River Otter


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River Otter

photo of a river otter
Lontra canadensis
Mustelidae (weasels) in the order Carnivora

River otters are well suited to life in the water. They have streamlined bodies, webbed feet and long, tapered tails. Their ears and nose close when they go underwater. Dense, oily fur and heavy layers of body fat insulate them in the water. The have an acute sense of smell, and prominent facial whiskers, which are extremely sensitive to touch. Otters are dark brown with pale brown or gray bellies. The muzzle and throat are silvery. Males and females look alike, although males are larger. Otters are relatively long-lived. In captivity, some bred at 17 years and lived to 19 years of age. They are graceful, powerful swimmers and can remain submerged for 3 to 4 minutes. On land, they travel with a loping gate. On snow or ice, they alternate loping with sliding.

Total length: 35 ½ – 53 inches; weight: 10-30 pounds.
Habitat and conservation: 
River otters live in streams, rivers and lakes usually bordered by forest. Burrows may be under large tree roots, beneath rocky ledges, under fallen trees, or below thickets. The burrows are usually former homes of muskrats, beavers or woodchucks. Private and public landowner efforts to conserve streams, ponds and lakes benefit otters.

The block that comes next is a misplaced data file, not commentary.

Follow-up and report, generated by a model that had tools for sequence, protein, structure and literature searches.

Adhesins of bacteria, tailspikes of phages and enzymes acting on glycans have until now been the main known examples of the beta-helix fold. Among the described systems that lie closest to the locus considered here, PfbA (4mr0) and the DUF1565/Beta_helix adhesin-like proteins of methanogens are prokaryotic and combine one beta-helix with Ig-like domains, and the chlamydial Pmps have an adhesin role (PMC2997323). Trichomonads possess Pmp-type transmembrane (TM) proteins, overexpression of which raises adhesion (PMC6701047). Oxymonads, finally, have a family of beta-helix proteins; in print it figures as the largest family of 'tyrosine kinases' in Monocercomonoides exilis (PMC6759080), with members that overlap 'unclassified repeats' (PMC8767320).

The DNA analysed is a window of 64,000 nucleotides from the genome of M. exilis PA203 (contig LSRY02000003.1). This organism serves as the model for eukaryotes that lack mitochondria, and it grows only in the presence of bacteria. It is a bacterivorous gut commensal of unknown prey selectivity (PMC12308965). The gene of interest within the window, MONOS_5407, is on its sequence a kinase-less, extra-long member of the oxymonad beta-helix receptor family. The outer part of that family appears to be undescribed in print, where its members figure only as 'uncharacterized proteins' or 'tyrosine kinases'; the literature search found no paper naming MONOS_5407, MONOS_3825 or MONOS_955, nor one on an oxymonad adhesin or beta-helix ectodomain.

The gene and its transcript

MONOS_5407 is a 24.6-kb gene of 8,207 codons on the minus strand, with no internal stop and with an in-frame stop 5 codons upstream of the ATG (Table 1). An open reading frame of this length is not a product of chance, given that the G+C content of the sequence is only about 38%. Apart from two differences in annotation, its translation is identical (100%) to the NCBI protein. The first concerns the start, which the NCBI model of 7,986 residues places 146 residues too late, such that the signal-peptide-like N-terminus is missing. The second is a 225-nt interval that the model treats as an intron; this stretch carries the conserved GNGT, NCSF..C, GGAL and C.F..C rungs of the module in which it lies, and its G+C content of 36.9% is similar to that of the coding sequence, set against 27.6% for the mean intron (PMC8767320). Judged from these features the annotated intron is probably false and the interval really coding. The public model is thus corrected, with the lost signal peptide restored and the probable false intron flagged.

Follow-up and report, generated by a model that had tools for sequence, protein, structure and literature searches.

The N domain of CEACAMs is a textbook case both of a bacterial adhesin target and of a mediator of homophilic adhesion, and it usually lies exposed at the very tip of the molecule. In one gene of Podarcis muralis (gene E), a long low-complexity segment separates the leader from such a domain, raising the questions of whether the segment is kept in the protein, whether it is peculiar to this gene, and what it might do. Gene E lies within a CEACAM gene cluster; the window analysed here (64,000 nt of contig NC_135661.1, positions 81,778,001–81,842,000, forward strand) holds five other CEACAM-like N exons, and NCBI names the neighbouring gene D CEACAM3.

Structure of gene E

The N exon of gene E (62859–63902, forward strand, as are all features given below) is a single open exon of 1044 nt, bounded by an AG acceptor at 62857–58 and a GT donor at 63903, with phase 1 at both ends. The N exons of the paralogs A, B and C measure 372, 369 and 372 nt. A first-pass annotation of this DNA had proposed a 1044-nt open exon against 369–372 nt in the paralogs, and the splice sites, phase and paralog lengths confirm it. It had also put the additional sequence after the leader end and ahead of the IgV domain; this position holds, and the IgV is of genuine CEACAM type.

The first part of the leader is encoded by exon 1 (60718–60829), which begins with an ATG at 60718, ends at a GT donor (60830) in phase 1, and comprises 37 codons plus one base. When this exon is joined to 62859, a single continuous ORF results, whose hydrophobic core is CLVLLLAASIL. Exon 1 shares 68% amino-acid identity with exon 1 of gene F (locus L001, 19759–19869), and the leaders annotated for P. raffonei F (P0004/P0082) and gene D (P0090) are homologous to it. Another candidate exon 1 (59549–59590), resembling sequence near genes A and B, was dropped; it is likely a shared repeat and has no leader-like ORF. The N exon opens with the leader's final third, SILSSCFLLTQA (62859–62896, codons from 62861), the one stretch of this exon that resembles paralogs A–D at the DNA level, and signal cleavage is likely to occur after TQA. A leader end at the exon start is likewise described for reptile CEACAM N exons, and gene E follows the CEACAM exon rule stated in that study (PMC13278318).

Crayfish make up a large portion of an otter’s diet for most of the year, but during winter they feed almost exclusively on fish. Other foods include mussels, frogs, turtles, aquatic insects and other small animals. Otters use their whiskers to feel around underwater and find food.
Distribution in Missouri: 
A century ago, otters were nearly eliminated in Missouri because of unregulated harvest. Restoration efforts in the 1980s and early 1990s included the release of more than 800 otters in the state. Thanks to these efforts, otters are once again found throughout most of Missouri.
Life cycle: 
Otters are mostly nocturnal and active all year. Social and generally living in family groups, they vocalize to each other through a variety of sounds including chirps, grunts and snarls. Otters also communicate through scent at latrine sites. They regularly visit these sites to deposit droppings and secretions from their musk glands. Females whelp two to five young, usually in February or March. The young are weaned at 4 months of age but stay with their parents until the following spring.
Human connections: 
Otters are playful, and people enjoy watching their antics. Otter fur is thick, glossy and luxurious, making it a valuable commodity.
Ecosystem connections: 
Otters help control aquatic prey populations.
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